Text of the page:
This is a cross-post by Chase Brandau from Working America’s Main Street blog.
In late 2008, 28-year-old Rochester, Minn., native Tim Wynn injured his hand on the job while working as a machinist and was eventually unfairly fired due to the injury. “It was at that time I had to file for unemployment insurance,” Wynn recalls. “Which was only a little over $400 a month, but we were able to make it work with one of us still working.”
Wynn had to rely on unemployment insurance for over a year, while looking for a job and simultaneously trying to get the surgery he needed for his damaged hand but could not afford to pay for. However, if the federal system for unemployment benefits had been overhauled to include new proposals, Wynn would not have qualified for unemployment insurance.
Working America, the grassroots organization for workers whose 250,000 members in Minnesota have expressed great concern about these new requirements, has been bringing awareness to this issue to Minnesotans all over the state. “One of these new state requirements would be to deny unemployment insurance claimants without a high school diploma from receiving benefits, unless they are currently enrolled in a GED program,” says Working America’s Minnesota State Director Brianna Halverson. “Barriers that would require jobless workers have diplomas are simply unfair and unworkable when the waiting lists for GED programs are sometimes years long.”
Wynn, like many, had a family early in life. “I did what I needed to do,” he said, “which was to take responsibility for my family and go straight into the workforce. I knew my career choices would be limited, but I was willing to work hard to provide for my child.”
“I never thought that I would have been in the situation I was in, but the idea that not having a high school diploma would prevent me from receiving unemployment insurance is outrageous,” exclaimed Wynn. “Actually, it would discriminate about half of the co-workers I’ve ever known, many of whom are currently out of work and would be devastated by this.”
Halverson adds, “This provision seems part of a larger agenda to stigmatize unemployment insurance by suggesting that Americans are jobless because of their own failings, rather than because our economy still has 6 million fewer jobs than when the recession started.”
After three years, Wynn prevailed in holding his former employer accountable for unfairly firing him; allowing him to get the surgery to repair his wrist. Wynn now has medical clearance to work again. When asked what would have happened if he had been required to have a high school diploma to receive unemployment insurance, Wynn said: “We would have lost everything. Those benefits were the only thing that kept a roof over our heads and our spirits up.” He added that without the insurance, he would never have been able to get surgery and would have lost use of his hand forever.
Information in a Jan. 26, 2012, statement from Committee of Ways and Means Democrats indicates that if House Republican bill H.R. 3630 is enacted, more than 35,000 Minnesotans would lose unemployment insurance.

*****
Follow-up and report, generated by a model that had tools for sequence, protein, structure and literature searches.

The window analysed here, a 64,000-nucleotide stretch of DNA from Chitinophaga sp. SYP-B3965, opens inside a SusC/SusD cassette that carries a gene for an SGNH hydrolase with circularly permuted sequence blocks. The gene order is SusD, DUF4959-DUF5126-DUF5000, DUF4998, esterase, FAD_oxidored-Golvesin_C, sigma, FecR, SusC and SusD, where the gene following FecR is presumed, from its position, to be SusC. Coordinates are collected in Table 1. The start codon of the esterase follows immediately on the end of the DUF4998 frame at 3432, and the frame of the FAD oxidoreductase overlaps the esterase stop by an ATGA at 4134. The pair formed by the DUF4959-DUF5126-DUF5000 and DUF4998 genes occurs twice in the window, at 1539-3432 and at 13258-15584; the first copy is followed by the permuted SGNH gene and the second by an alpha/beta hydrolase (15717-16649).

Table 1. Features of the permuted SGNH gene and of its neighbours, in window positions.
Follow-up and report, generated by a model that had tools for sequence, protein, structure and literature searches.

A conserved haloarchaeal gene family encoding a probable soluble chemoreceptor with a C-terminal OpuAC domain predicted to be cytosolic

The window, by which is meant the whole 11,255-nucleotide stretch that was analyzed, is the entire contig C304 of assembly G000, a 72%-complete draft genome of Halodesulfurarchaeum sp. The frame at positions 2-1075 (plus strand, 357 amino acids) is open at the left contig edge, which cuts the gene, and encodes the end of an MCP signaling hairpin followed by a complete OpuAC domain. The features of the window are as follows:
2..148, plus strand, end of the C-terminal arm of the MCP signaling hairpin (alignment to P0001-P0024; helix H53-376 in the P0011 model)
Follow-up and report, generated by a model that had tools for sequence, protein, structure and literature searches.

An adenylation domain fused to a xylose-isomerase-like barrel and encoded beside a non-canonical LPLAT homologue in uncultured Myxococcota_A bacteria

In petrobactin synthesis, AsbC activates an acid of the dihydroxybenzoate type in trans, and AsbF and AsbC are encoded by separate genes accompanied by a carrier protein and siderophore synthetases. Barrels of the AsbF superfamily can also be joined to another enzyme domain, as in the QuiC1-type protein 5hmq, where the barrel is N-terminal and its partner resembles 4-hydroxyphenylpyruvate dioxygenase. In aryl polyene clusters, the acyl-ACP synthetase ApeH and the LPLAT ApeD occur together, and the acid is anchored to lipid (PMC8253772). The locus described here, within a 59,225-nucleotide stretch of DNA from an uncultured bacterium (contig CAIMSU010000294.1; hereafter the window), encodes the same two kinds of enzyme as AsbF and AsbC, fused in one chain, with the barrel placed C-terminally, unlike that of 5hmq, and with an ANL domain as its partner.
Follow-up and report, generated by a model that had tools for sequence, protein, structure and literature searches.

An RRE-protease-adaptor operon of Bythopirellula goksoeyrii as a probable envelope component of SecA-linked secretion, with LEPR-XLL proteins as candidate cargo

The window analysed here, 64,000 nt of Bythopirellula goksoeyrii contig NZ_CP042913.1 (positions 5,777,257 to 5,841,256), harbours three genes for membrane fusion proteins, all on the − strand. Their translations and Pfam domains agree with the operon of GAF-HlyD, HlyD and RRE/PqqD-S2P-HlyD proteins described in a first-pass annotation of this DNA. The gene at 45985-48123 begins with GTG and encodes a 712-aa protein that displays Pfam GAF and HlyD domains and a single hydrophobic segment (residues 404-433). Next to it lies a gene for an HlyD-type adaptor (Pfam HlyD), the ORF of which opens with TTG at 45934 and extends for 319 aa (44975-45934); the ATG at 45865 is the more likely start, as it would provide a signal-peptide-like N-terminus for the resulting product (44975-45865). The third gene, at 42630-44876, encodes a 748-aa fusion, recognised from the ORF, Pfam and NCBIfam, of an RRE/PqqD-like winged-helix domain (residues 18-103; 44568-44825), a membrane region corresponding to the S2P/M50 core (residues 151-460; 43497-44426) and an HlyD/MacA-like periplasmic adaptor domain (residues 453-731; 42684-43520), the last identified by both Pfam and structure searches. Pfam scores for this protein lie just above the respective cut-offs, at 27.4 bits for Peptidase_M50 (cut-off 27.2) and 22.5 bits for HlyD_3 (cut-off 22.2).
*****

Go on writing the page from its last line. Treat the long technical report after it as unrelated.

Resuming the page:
“I want others in Minnesota to stop looking at unemployment insurance as something that only costs taxpayers money and which can be easily cut,” says Wynn. “When people have money to stay above water, that means they’re spending it into the economy, which keeps many businesses, employees and families above water as well. Congress should not make being jobless even harder than it already is.”
We asked economist Dean Baker, co-director of the Center for Economic and Policy Research (CEPR), to expand upon recent reports that show a marked improvement in the nation’s jobs picture. In January, 243,000 jobs were created and unemployment dropped significantly for some of the hardest-hit workers. Baker’s intepretation of the data presents a still-mixed economic picture, but one bright point stands out clearly: President Obama’s support of the U.S. auto industry has been key to improving job creation for America’s workers. Be sure to pick up a copy of Baker’s latest book, The End of Loser Liberalism: Making Markets Progressive.
Q.: As you’ve noted, the January drop in unemployment was especially sharp for African American and Latino workers. The jobless rate for black workers fell by 2.2 percentage points to 13.6 percent, the lowest level since March 2009. For Latino workers, the jobless rate dropped by 0.5 to 10.5 percent, the lowest since January 2009. What’s behind this good news?
A.: My best guess is that much of this is a statistical quirk. These numbers are always erratic and can and do jump around month to month. However, part of the drop is probably real. I suspect that with the African American population much of the story is related to the increase in manufacturing and construction employment, which is likely clustered in the Midwest. These are sectors that disproportionately employ African American workers.
The improvement for Latinos is less easily explained. Of course, many Latinos are employed in construction, but more in the West and South than Midwest, which has seen the biggest gains.
Anyhow, I suspect that part of the improvement in the employment picture is weather related. We had unusually warm weather across the Northeast/Midwest in December and January, which means that construction and manufacturing were not disrupted as much as usual. That would make it appear that we are adding jobs.
Q.: Employment in manufacturing and construction also showed strong growth in January. You attribute the construction job hike to unseasonably warm weather. But what about manufacturing? It’s been one area of job growth for several months now. What’s behind its resurgence and can it continue?
A.: Car sales clearly are the main factor here. Car sales have rebounded by more than 20 percent from their low in 2009. This means jobs not just in autos, but also in a wide range of supplier industries. This uptick is likely to continue as people replace older cars, but the rate of growth will certainly be slower.